Wednesday, March 29, 2006


While running a mindless report this morning, I was thinking about how to instill good spending habits in my children while still allowing them to make choices about spending. Here is an idea I came with.

I have no idea how we will eventually handle our children's allowance. I don't know if the "you must earn it" model or the "you can have some money." model works better. But my idea works with whatever the system is.

Let's say that, at age eight, David gets an allowance of $5.00 per week. Jaime and I work out with him ahead of time a criteria for "wise purchases." These are things that are healthy, have long-term value, are charitable, etc. Apples over candy bars, books over video game, church over comic books, etc.

He gets his $5.00 on Sunday. He can spend that on what ever he wants to, no questions asked (in accordance with other rules, like "no cigarettes, guns, etc."). However, the following Sunday, he can show whatever receipts that he wants to. For every dollar that he spends on wise purchases, he gets another $0.50. Additionally, we review his savings account. For every net increase of $1.00, we match with a dollar. So, he has the potential to get as much as $10.00 in a week, if he were to save it all. If his net savings decreases, then, like his allowance, no questions are asked. But he can show us the receipts and get the $0.50 match for wise purchases.

Let's say that his savings balance last week was $20. This week it is $25.00--he saved his entire allowance. So, he gets another $5.00, which he spends on pop-rocks. Then, the next week the balance is $15--he withdrew $10. So, he doesn't get any extra match-money for saving. However, he can present his receipts. If he spent that $10 on a wise purchase--then he gets the $0.50 match--$5.00. If he spent all the money on comic books, then he doesn't get a match.

We could put a cap on what we match each week so as not to bankrupt us but I don't think it would be necessary. If we didn't, then he could get tremendous rewards. Let's say he wants a $200 bicycle that he and I have researched to be quality. He starts out with zero savings. He gets his $5.00 the first week,which he saves. The next week, he gets the $5.00 match, plus the $5.00 allowance--$10.00, which he saves. So the match the next week is $10.00, plus his $5.00 allowance--$15.00, which he saves so his match the next week is $15.00, and so on. On the sixth week (according to my calculations), the match would be $30 and would bring him to $100 Since we have determined that the bicycle is a good one, then it would count as a wise purchase, so I would pay half. So, with diligent saving for six weeks--an eternity to a child--he could have a $200 bike.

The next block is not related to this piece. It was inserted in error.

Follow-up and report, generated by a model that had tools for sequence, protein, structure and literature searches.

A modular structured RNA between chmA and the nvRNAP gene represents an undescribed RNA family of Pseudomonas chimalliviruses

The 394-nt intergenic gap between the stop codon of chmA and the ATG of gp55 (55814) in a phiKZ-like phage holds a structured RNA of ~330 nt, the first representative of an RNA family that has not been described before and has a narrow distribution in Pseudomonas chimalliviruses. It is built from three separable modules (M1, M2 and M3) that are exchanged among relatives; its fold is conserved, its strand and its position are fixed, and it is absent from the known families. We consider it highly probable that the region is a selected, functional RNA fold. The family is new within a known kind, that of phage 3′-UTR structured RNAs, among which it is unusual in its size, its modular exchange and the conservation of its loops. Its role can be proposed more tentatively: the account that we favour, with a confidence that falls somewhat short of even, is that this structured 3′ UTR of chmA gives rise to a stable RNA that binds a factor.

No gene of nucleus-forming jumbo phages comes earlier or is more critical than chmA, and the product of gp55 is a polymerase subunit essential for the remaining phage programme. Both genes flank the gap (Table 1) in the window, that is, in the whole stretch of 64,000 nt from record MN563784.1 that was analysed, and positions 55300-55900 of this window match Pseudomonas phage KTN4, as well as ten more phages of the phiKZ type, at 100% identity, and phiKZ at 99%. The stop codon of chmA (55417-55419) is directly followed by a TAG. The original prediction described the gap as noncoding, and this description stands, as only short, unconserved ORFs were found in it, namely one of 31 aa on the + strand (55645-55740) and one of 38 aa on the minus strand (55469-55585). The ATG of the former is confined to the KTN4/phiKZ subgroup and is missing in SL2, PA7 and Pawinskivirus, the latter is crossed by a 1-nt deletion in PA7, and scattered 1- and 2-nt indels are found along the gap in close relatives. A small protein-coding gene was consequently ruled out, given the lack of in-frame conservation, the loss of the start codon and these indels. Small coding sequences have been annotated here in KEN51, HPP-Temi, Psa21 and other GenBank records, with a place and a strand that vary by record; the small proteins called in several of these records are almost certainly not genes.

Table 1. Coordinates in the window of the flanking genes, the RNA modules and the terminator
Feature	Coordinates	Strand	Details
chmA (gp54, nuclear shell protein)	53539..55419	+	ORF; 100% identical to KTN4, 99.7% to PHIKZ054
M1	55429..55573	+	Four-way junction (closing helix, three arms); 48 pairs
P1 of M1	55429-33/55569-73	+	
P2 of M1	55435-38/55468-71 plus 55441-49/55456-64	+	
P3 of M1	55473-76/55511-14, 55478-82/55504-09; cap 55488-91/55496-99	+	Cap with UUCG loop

A revision to handle tithes: I would not want to reward him for saving rather than tithing, so there would be a 90%-per-week cap on the savings match. However, tithes would count as a wise purchase, eligible for the 50% match. This means that he is really only giving 5%, but it is a start. Maybe we would have an entirely different way of encouraging tithing.

All of these are made-up numbers, the amounts and matches may vary. Some rules would have to be put in place for veto--for example, I would not allow him to buy certain brands of bicycles for safety reasons. Additionally, there would be disputes about what is considered "wise," so, we would have to keep someone like Jones Day on retainer to handle disputes.

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